to Solder Copper Pipe
By Contractor Mike
Having successfully managed our three previous
plumbing tasks, you are now confident and ready
for a bigger challenge. I’ve got one for
you. Time to sweat some copper!
Plumbing related motivations run the gamut from
dealing with emergencies to personal convenience
to make-work projects that serve only to show off
your talents. This practice exercise falls into
the latter category, with its origin mere nuisance.
Every time you walk down the side yard next to
your garage, you wonder which previous owner attached
that ugly looking 20-foot run of 1/2” copper
line to the stucco just to place a hose bib, rather
than run it directly through the garage wall!
On the inside of the garage you see part of the
answer to your wonderment: There is evidence of
a previous copper line (copper brackets, water-stained
studs or drywall) running horizontally and 24-inches
off the floor along the inside of the garage wall.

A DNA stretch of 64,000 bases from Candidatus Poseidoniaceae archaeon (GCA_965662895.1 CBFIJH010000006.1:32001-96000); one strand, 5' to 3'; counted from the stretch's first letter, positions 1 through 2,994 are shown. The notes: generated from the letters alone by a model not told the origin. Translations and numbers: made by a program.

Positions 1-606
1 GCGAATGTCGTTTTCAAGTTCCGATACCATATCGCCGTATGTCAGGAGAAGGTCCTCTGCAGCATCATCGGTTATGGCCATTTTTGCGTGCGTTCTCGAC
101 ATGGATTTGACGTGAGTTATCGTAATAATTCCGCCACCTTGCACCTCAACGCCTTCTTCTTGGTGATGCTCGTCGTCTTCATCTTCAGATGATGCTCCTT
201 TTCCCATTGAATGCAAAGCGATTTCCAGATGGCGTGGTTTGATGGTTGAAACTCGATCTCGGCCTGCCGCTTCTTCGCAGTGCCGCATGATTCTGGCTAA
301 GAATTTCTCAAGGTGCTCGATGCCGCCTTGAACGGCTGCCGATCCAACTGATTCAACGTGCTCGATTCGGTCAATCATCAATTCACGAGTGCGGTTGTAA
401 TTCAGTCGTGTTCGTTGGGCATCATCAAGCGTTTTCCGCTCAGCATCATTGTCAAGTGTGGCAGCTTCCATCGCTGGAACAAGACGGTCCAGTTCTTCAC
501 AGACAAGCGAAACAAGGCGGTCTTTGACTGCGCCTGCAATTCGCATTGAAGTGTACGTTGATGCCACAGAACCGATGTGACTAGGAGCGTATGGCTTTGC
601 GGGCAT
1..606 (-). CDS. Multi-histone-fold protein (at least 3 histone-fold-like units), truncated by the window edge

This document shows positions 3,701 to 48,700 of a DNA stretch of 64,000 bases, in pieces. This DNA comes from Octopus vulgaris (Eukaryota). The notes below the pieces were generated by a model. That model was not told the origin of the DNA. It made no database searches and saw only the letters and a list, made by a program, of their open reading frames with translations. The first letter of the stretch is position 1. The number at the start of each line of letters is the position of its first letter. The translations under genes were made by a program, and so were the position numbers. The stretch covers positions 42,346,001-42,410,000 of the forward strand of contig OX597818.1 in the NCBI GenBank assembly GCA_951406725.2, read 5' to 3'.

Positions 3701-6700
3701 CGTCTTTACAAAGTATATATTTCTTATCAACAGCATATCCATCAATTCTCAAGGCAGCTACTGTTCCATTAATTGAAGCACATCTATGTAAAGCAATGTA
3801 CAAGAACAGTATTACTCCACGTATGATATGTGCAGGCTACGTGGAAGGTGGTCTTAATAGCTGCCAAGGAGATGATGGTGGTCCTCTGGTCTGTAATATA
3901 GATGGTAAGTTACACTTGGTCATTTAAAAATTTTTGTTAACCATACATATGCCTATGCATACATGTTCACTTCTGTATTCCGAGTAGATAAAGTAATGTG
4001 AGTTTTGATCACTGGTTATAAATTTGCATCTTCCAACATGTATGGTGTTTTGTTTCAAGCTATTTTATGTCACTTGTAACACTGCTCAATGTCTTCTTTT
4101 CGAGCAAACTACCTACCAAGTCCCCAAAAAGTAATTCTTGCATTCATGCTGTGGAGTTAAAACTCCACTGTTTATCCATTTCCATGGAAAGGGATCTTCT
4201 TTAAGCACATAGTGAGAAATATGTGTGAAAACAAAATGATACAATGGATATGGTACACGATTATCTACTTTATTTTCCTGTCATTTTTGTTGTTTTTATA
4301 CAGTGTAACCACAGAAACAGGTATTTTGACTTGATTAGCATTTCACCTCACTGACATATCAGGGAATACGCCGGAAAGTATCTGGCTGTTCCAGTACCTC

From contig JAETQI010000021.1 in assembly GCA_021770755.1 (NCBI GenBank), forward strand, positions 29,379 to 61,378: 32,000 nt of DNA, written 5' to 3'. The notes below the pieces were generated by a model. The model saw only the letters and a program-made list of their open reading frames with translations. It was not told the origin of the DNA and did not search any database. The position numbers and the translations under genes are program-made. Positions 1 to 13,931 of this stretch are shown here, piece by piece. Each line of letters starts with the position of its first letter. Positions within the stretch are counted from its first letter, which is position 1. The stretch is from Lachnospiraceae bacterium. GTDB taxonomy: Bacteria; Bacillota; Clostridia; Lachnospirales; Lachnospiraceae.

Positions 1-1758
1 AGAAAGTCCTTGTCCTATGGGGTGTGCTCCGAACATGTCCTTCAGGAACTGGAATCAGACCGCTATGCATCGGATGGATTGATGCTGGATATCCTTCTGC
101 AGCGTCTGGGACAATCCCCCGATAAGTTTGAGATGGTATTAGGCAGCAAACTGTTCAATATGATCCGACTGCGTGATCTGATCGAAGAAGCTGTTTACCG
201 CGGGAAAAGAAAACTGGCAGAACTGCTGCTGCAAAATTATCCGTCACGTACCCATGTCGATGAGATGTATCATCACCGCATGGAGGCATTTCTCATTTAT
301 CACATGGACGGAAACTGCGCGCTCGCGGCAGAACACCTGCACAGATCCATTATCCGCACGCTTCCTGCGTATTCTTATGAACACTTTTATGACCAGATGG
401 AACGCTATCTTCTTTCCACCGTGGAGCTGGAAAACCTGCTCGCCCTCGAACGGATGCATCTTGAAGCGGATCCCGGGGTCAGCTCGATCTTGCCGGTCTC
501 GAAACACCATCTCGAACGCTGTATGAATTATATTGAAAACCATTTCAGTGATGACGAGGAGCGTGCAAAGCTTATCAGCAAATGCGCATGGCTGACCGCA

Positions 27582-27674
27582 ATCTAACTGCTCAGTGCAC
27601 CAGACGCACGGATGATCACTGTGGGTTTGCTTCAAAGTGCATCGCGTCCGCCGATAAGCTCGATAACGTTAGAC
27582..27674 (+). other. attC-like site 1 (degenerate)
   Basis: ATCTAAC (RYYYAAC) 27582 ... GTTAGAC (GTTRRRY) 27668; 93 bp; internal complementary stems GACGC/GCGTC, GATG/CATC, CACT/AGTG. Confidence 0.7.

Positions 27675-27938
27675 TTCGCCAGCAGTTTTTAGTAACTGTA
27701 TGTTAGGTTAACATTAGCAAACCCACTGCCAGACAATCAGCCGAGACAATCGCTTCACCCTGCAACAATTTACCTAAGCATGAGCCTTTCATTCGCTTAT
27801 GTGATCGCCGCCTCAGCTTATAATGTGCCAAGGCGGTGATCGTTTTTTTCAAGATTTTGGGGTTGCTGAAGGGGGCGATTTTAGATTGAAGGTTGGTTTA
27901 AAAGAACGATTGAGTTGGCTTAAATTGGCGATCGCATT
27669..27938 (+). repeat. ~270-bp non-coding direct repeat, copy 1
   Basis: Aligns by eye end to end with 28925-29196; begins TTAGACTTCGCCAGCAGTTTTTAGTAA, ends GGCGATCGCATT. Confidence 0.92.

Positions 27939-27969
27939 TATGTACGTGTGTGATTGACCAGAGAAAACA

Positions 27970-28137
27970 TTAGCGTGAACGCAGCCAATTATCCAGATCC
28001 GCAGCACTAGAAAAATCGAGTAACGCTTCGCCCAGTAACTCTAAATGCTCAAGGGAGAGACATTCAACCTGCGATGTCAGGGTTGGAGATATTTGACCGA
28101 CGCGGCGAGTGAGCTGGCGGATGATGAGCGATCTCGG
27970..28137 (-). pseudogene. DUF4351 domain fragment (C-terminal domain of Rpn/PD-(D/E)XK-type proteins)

Why would someone change it from inside to outside?
Because, by no mere coincidence, that's the exact
height where the previous homeowner's driver-side
door banged against the copper line until it crimped
or, more likely, finally busted.
So, all you have to do now is cut and sweat in
a copper "T" and a 4 elbows, run the
line 5-feet off the garage floor (no ladder needed),
run it back town to the height of the hose bib,
drill a hole through the stucco, re-configure the
hose bib, and Voila!
"All you have to do..." is one of those
phrases about which you should have been immediately
suspicious. It's kind of like saying, "All
you have to do to get to the moon is..."
But the longest journey begins with a single step.
And we're going to do this step-wise and according
to a little known plumbing mantra: Success in increments
is far more preferable than humiliating failure
all at once!
Contractor Mike was a General Building
Contractor for nearly twenty years in Los Angeles
and is now a produced playwright.